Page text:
I closed my psychotherapy practice four years ago, which allowed me to focus all of my attention on the therapeutic benefits of yoga, and in particular on how Restorative Yoga and meditation can be utilized and taught as self-care practices for managing ethnic and race based stress and trauma. I also teach mind-body strategies for reducing stress and healing emotional trauma to aspiring yoga therapists in the Beaumont School of Yoga Therapy in Royal Oak Michigan, the only hospital based yoga therapy school in the nation.

Yoga therapy is a type of therapy—grounded in the ancient philosophical teachings of yoga—that utilizes yoga postures, breathing exercises, and meditation as self-care strategies to improve mental and physical health and well-being.

See also The Healing Power of Trauma-Informed Yoga Classes

YJ: How do you apply this work to racial trauma (and can you define that term)?

GP: Ethnic and racial stress and trauma refer to the events related to real or perceived experiences of discrimination, threats of harm and injury, and humiliating and shaming events. The terms also apply to witnessing harm to other individuals caused by real or perceived race-related events.

Stress and trauma are stored in the body. Effective interventions involve physical engagement. Restorative Yoga is a form of yoga that is not intrusive; …

Feel More Present in Your Body with This Mindful Moving Meditation


Get grounded with a practice that combines mantra, movement, and breathing.

Feeling scattered or overwhelmed? Find tranquility with this breathing technique from Jillian Pransky, who leads our upcoming online course, Restorative 201. This gentle practice combines mantra, movement, and mindful breathing and will help you feel more focused and ready to face the challenges in your day.

Watch also Center Yourself ASAP with a 10-Breath Meditation

Want to thread the science of deep relaxation into your day? Join our online course, Restorative 201: Short, Simple Practices to Stay Calm on the Mat (and in the Moment). In five weeks Jillian Pransky will share bite-sized slow flow and restorative practices, breathing and meditation techniques, and quick reset tools—all designed to integrate into your life easily and immediately. Learn more and sign up today!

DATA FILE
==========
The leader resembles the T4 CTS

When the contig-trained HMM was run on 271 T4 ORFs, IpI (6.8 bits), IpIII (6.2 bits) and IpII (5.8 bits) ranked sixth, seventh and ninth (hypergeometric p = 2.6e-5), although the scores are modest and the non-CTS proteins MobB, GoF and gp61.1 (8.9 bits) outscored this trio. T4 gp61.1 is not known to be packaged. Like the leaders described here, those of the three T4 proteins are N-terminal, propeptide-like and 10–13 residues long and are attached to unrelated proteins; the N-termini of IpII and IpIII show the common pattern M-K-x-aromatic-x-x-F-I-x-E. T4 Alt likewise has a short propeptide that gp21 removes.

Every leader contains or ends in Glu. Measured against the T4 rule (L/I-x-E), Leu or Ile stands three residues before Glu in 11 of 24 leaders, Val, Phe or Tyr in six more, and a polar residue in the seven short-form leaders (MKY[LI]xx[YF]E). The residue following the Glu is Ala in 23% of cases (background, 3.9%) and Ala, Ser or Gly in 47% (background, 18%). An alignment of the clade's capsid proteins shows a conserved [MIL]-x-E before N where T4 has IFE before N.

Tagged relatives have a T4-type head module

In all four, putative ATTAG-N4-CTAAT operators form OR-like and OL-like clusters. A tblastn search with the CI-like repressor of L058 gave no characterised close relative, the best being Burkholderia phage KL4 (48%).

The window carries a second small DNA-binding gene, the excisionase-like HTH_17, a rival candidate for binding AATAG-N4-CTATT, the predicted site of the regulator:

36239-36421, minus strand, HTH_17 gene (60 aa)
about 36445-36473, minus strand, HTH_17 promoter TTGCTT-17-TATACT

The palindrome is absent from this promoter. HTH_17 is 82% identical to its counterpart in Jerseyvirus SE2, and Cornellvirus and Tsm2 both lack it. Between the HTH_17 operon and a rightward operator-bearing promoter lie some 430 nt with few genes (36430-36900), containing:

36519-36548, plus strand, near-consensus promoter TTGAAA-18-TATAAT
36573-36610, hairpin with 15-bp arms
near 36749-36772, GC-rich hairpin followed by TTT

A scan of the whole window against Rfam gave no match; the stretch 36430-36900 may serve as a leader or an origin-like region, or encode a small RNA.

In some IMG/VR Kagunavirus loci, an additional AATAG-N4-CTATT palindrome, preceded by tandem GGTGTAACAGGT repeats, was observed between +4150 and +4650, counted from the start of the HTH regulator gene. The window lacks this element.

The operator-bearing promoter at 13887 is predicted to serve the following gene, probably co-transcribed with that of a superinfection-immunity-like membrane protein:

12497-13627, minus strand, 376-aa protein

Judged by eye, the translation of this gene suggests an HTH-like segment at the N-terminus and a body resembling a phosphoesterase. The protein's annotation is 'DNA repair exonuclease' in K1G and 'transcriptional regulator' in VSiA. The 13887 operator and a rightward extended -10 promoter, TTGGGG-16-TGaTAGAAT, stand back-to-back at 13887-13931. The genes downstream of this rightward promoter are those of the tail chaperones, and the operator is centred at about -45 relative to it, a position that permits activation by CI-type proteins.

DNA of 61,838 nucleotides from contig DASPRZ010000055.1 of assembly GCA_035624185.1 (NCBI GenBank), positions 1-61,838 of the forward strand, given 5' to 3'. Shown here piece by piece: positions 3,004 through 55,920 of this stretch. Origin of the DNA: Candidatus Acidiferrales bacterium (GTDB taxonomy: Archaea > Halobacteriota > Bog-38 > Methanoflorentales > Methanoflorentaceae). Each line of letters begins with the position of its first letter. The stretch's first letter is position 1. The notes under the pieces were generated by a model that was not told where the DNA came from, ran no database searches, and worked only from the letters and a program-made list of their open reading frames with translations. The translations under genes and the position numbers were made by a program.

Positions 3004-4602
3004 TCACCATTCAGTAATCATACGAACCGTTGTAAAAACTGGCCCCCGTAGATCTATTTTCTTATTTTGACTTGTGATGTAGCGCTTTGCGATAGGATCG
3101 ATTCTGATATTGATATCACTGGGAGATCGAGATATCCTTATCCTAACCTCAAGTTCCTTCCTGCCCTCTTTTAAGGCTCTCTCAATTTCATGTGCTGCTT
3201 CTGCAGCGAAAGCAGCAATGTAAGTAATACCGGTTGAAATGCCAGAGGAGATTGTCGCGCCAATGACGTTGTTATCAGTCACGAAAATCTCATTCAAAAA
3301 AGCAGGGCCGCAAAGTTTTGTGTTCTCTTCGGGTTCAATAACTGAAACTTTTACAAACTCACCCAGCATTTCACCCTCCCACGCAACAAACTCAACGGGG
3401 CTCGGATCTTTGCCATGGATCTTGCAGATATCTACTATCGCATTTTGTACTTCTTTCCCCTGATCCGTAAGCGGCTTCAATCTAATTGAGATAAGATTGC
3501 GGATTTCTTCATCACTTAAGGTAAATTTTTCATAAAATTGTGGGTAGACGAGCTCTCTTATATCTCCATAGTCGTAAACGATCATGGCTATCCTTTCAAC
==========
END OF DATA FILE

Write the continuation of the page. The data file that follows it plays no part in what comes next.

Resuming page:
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A Short Mantra Practice to Stay Open and Grounded


Maintain inner harmony during moments of change with this 5-minute meditation.

Transitions can be difficult, whether you’re moving into a new season, a new home, or a new job. Bring yourself back into balance with this short meditation from Jillian Pransky, who leads our upcoming online course, Restorative 201. Here, she shows you an invaluable tool to restore inner harmony, whether you need to be more present or allow yourself to open up to new experiences.

Watch also Inspire Stability & Fluidity with This Short Tree Pose Flow

Want to thread the science of deep relaxation into your day? Join our online course, Restorative 201: Short, Simple Practices to Stay Calm on the Mat (and in the Moment). In five weeks Jillian Pransky will share bite-sized slow flow and restorative practices, breathing and meditation techniques, and quick reset tools—all designed to integrate into your life easily and immediately. Learn more and sign up today!

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Dealing with Transition? Tether Yourself to the Present with This 3-Part Breath


Stay in the moment during periods of change with this short mindfulness technique.

Feeling unmoored by change? Return to the present moment with a short three-part breathing practice that’s easy to do anytime you feel your mind drifting into the future, or lingering in the past. Here, Jillian Pransky—who leads our upcoming online course, Restorative 201—shows you a simple technique to trace the length of every inhale and exhale. Each breath will bring you closer to the here and now.

Watch also Create Instant Calm with This Legs-Up-the-Chair Pose

If you want to learn how to thread the science of deep relaxation into your day, join our online course, Restorative 201: Short, Simple Practices to Stay Calm on the Mat (and in the Moment) taught by international yoga teacher and author Jillian Pransky. You’ll learn bite-sized slow flow and restorative practices, breathing and meditation techniques, and quick reset tools—all designed to integrate into your life easily and immediately. Sign up today!